If I were to invoke Freud—so obvious at this juncture—I would associate texting with the id, a zone of unfettered and uncensored desire. Of course, that would be incorrect, since we have no direct access to the swampy region that is our unconscious. All the same, with texting there is no need for nicety or manners, no superego telling us to behave; one can be very blunt, without imposing artificial sentiments on the transmission. This convention makes text at once banal and boring, but also a zone for confession, and sexual innuendo minus the innuendo. Perhaps this practice developed because texts are usually not recorded or stored, unlike e-mail messages. But that is without real explanatory value, and legal cases have focused on the broad dissemination and hoarding of naughty photos, mostly of teen girls. Does it instead have something to do with the speed and immediacy of delivery, which lacks external censorship, unlike, for instance, Twitter? In my usual fashion, I did a little research, finding few interesting studies about sexting, and many discussions verging on hysteria about how one in five teens has sexted, and we are all going to hell in a hand basket as society becomes increasingly sexualized. All I can say is, relax old geezers because that egghead Foucault has already shown that, on the contrary, sexuality has never been more discussed and regimented, and sexting is just another example of this growing regulation. A reasonable analysis of sexting was produced by Richard Chalfen from Boston’s Center for Media and Child Health (Visual Studies, 2009), arguing that the exchange of explicit photos or written sexual descriptions among young people is neither new nor radical, though the potential for the worldwide distribution of such images is novel. He considers the legal efforts to control sexting, noting that nude or semi-nude photographs of people under the age of 18 are technically classified as child pornography, potentially even if sent by the subjects themselves to people their own age. In other words, teens might illegally have images of their girl/boyfriend saved on their cell phones, and be officially charged as purveyors of child pornography by sending them on to someone else. Such charges have indeed been laid. Like other scholars, Chalfen focuses on youth, suggesting that girls consistently send more sexts than do boys because they long for feedback about their appearance. Yet the fact that women are still primarily judged and visually assessed as sexual objects could be another reason that girls seem willingly to pose and reveal their nude bodies in a set of standard porn-inspired postures. They are trying on the masquerade, learning the rules of sexual activity, and literally becoming women in a modernized digital ritual. When older women similarly comply, they perform the kind of assertive female sexuality that is widely celebrated today. According to Angela McRobbie in The Aftermath of Feminism (2009), such ‘phallic girls’ uncritically identify with masculine subjectivity and sexuality, countering their ‘ladism’ with an ostentatiously feminine appearance and, of course, a white, single, non-reproductive body. Reading this book made FFG go ‘Hmmm.’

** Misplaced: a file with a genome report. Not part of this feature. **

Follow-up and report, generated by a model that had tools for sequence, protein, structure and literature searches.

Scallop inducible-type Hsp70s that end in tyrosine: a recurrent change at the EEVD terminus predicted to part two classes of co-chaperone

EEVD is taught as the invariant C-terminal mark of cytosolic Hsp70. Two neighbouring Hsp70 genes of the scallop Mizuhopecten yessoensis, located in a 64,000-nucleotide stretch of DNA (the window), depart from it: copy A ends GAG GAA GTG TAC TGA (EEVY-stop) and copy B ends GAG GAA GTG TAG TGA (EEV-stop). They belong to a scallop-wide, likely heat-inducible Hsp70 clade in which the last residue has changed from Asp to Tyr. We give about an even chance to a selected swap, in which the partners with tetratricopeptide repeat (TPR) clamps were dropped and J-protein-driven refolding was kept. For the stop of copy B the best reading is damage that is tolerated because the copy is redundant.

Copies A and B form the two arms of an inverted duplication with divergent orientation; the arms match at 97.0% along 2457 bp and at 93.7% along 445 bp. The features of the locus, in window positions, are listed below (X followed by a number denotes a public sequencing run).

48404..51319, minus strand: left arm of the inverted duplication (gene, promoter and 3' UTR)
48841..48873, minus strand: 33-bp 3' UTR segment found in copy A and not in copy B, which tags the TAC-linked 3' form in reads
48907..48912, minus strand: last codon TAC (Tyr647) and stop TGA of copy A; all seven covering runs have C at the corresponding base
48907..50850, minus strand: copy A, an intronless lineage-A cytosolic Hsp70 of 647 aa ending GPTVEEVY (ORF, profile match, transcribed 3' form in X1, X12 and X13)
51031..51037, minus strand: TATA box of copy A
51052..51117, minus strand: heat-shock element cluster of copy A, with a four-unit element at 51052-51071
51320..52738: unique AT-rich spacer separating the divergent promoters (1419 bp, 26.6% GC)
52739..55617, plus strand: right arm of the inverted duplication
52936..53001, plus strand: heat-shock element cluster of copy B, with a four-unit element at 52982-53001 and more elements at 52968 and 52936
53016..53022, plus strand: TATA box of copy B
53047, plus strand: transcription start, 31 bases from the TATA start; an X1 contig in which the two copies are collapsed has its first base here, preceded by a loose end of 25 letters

I have sent a few sexts, but am not very good at it. One time I delivered ‘Pants off man bitch!’ to MW when it was meant for my partner. Oops. Just last week I informed PDDs: ‘I just had sex with the leg curl machine, and we are in love!’ I rewrote a line from Anchorman after admitting that I had almost orgasmed while doing single leg ham curls during our leg workout. Bewildered and blaming my tight lululemon pants, I had envisioned a giant pail of earthworms in order to avoid public humiliation. And earlier today, I successfully sent this message to my partner, breaking the boredom of a mechanical delay: ‘Can’t wait to get you in the Siamese slanket I just ordered from Sky Mall.’